Taiwan Rejects Beijing's 'Unification' Plan, Calls on China to Democratize

taiwan-tsai.jpg Taiwan's President Tsai Ing-wen arrives for a press conference at the Presidential Palace after the national flag raising ceremony in Taipei, Jan. 1, 2019.

Taiwan president Tsai Ing-wen on Wednesday rejected calls from Chinese President Xi Jinping for the democratic island to "unify" with the People's Republic, saying its people have no wish to give up their sovereignty.

In a Jan. 2 "Letter to our Taiwan compatriots," Xi swapped the Chinese Communist Party's previous insistence on the idea that Taiwan is part of a divided "One China" for a new theme: "unification."

"It has been a historical and unavoidable duty of the Chinese Communist Party, Chinese government and the Chinese people to resolve the matter of Taiwan and unify the motherland ever since 1949," Xi said in the statement.

But he made scant reference to public opinion among the 23 million inhabitants of Taiwan, which his party has never ruled.

"We are prepared to work for peaceful unification with the greatest sincerity, because a unification that is accomplished peacefully will benefit all of our compatriots, and people on both sides of the Taiwan Strait," Xi said.

But he warned: "We make no promise to renounce the use of military force, and reserve the right to take all necessary measures to deal with hostile foreign forces and a tiny minority of separatists and their splittist activities."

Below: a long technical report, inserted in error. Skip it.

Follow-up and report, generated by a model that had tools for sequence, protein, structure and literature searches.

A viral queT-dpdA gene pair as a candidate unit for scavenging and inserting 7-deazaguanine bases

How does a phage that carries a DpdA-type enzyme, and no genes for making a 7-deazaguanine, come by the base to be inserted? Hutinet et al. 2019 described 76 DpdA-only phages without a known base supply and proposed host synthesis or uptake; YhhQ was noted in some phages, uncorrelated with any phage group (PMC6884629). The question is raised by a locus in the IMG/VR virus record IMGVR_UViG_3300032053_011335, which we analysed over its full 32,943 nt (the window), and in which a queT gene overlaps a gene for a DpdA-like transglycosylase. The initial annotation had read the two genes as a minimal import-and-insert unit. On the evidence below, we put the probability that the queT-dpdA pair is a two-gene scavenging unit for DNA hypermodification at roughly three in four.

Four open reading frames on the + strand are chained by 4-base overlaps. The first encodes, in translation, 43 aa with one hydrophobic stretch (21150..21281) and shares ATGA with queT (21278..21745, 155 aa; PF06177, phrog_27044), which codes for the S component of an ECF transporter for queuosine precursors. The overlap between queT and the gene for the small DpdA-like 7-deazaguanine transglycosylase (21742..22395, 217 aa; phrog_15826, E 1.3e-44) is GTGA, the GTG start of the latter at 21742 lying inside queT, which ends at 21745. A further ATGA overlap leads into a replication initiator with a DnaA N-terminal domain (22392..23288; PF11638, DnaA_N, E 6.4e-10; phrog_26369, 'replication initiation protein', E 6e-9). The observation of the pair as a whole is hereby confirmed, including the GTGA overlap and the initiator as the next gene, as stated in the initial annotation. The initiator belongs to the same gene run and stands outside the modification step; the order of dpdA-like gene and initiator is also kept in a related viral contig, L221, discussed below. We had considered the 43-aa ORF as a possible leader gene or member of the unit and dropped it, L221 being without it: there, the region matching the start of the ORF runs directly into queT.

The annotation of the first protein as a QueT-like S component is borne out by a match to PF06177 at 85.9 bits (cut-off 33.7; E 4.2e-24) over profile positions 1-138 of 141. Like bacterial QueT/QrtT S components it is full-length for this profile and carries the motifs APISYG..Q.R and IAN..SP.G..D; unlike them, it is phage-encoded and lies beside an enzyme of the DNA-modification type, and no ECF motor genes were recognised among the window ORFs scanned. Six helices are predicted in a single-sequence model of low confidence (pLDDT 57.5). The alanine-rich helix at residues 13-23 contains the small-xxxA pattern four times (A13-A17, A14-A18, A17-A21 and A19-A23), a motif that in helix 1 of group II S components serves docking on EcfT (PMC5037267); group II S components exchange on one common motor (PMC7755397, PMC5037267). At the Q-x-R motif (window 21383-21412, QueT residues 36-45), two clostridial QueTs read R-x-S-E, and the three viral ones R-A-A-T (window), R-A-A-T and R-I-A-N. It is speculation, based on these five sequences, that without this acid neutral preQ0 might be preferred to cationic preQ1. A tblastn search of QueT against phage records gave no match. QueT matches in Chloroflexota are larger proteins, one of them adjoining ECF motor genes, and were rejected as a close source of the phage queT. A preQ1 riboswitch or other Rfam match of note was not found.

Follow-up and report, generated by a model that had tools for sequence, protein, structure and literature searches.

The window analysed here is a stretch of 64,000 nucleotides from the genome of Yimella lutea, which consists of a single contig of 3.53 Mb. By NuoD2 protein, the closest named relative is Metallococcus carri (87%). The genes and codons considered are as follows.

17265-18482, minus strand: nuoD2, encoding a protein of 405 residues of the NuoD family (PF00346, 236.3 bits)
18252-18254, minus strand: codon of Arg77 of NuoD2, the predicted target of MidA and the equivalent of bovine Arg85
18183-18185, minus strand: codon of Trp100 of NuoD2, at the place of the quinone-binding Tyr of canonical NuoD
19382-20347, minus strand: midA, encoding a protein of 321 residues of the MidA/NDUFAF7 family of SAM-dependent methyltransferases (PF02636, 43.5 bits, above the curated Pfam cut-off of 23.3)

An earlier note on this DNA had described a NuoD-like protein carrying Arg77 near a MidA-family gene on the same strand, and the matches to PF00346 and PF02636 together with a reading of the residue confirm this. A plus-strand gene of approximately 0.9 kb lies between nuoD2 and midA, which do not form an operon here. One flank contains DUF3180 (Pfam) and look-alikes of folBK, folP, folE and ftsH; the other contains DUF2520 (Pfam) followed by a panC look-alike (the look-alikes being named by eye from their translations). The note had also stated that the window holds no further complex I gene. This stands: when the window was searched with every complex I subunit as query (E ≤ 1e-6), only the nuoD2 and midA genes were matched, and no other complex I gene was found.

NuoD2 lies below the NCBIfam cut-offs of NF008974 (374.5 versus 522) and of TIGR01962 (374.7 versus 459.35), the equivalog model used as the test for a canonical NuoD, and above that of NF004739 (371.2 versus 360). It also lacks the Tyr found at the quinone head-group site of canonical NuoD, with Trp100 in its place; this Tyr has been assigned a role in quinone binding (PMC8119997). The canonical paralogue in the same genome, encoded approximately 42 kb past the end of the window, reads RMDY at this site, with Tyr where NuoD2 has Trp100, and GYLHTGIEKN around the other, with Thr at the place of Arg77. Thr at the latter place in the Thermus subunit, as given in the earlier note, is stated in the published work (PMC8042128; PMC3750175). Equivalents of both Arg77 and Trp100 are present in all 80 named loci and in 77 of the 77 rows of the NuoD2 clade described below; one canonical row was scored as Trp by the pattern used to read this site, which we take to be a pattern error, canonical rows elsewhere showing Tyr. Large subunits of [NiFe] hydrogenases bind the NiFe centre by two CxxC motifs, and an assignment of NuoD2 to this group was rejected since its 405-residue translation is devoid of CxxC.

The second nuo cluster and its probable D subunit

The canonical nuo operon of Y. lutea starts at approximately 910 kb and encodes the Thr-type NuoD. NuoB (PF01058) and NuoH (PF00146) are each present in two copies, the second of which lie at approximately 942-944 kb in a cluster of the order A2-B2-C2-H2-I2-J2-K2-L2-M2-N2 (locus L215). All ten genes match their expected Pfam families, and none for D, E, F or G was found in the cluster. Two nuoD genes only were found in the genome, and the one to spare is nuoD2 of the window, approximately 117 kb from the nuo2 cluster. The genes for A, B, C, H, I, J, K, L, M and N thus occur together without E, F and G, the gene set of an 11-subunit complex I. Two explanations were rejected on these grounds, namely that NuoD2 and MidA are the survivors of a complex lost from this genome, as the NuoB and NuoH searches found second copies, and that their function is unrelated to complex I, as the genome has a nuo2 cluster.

Armed forces under the Chinese Communist Party "continued to develop and deploy increasingly advanced military capabilities intended to coerce Taiwan, signal Chinese resolve, and gradually improve capabilities for an invasion," the U.S. Department of Defense said in an annual report on China's military capabilities in 2018.

Xi urged Taiwan to work towards "unification" under the "one country, two systems" model that was promised to Hong Kong after its 1997 handover to China, rather than the direct imposition of Communist Party rule. However, that city's autonomy has been eroded in recent years by a series of high-profile interventions from Beijing, according to U.S. and U.K. officials, Hong Kong's Bar Association, and international rights groups.

Tsai Ing-wen responded on Wednesday by asserting the right of Taiwan's 23 million inhabitants to decide their own fate.

"I want to reiterate that Taiwan absolutely will not accept 'one country, two systems,'" Tsai said. "The vast majority of public opinion in Taiwan is also resolutely opposed to 'one country, two systems.'"

Hong Kong's fate not desired in Taiwan

DPP lawmaker Wang Ding-yu said Xi's "letter" shows a distinct shift in Beijing's stance.

"But Hong Kong is already proof-positive that one country, two systems is a sham; a marriage entered into as a result of fraud," Wang said. "Now they want to come and snatch Taiwan away."

"They probably can't see that the one country, two systems model is already bankrupt: otherwise they wouldn't think the people of Taiwan would fall for it," he said.

"Taiwan needs to hang onto its right to choose its own fate, because Hong Kong can't decide anything for itself," he said.

Wang Dan, former student leader of the 1989 democracy movement on Beijing's Tiananmen Square, agreed.

"What we see in Hong Kong today, we will see in Taiwan tomorrow," he said of the "one country, two systems" plan.